I apt-get upgraded, and then apt-get using apt-cacher didn’t work any more. It seems if you have a perl IPv6 library installed (IO::Socket::INET6), apt-cacher will assume you have deployed IPv6 and it will make an IPv6 only connection for listening.
To make all your services obtain IPv4 address along with IPv6 ones, as root “echo 0 > /proc/sys/net/ipv6/bindv6only” and edit /etc/sysctl.d/bindv6only.conf to contain 0 rather than 1. Then restart your service(s).
Or if you do have IPv6 running locally, you can change your apt sources.list file (/etc/apt/sources.list) to refer to ipv6-localhost instead of localhost:
deb http://ip6-localhost:3142/debian.mirror.iweb.ca/debian/ unstable main contrib non-free deb-src http://ip6-localhost:3142/debian.mirror.iweb.ca/debian/ unstable main contrib non-free
(other distro’s might use another name like localhost6. Look in your /etc/hosts file for the right name.)
Another gotcha: If you install apt-cacher-ng, and you already have apt-cacher running, then apt-cacher-ng will attach to the remaining free interface (the IPv4 one) and apt-cacher will still be running on IPv6. The two packages don’t conflict. Yeargh. I can’t wait to see the cache corruption … Ah, no cache corruption. It starts its own cache — from scratch. Well better that than corruption I guess. But, even better to be running only one of them on all listening ports.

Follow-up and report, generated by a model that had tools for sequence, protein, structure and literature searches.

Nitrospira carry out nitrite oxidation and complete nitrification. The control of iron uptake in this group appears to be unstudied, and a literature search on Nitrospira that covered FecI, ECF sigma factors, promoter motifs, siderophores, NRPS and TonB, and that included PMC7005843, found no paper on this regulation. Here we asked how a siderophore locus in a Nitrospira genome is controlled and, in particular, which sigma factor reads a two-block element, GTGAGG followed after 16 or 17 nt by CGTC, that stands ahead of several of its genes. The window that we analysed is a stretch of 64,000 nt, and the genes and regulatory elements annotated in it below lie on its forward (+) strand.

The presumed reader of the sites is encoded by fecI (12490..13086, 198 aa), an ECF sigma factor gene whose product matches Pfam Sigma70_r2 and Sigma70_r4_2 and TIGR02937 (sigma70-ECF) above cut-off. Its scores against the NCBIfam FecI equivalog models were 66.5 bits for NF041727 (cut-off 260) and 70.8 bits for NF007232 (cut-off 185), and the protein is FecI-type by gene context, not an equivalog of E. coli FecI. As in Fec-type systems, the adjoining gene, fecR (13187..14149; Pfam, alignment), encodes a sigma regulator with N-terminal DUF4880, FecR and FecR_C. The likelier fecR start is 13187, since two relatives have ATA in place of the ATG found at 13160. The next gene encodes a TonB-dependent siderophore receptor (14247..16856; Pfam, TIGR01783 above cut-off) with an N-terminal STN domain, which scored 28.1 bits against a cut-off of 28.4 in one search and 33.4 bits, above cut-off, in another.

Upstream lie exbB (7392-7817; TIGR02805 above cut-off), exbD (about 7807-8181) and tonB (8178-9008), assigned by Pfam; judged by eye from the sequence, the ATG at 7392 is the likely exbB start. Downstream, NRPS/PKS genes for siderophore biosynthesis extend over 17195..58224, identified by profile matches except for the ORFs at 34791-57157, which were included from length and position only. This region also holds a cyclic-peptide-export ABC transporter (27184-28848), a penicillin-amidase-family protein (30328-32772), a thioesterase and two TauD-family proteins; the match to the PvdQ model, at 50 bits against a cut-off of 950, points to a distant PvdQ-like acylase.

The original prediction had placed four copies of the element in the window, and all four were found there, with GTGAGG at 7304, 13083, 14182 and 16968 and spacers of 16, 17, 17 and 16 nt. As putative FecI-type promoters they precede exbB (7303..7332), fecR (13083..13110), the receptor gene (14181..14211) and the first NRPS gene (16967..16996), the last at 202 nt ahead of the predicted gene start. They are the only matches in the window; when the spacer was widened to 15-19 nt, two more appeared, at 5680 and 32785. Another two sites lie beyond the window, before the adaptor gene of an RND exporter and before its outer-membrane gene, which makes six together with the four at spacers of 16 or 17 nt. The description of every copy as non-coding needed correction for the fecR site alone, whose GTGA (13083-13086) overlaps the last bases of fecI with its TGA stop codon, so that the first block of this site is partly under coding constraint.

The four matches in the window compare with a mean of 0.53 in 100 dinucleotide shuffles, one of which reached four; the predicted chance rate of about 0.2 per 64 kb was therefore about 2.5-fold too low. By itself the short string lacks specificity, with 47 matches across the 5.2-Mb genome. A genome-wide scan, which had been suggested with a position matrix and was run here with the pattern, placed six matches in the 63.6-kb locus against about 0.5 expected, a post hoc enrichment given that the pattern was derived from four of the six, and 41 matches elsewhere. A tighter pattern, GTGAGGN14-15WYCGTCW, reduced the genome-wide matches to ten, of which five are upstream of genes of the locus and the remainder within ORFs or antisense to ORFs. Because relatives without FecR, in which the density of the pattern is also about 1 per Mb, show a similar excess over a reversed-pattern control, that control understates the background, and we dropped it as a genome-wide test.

And another gotcha: Installing apt-cacher-ng might end up adding a proxy config to your apt config like so:
/etc/apt/apt.conf: Acquire::http::Proxy "http://aa.bb.cc.dd:3142";
so then if you use urls as above, you would have specified the proxy twice: once in the url and once in the apt.conf file. Apt then complains with:
Failed to fetch http://aa.bb.cc.dd:3142/volatile.debian.org/debian-volatile/dists/lenny/volatile/contrib/source/Sources.gz 403 URL seems to be made for proxy but contains apt-cacher-ng port. Inconsistent apt configuration?
The fix is to remove the proxy either from apt.conf or from the sources.list entries. Note that the proxy might have been put in /etc/apt/apt.conf.d/01proxy or something like that instead.
Well that was a lot more exciting than I’d hoped for.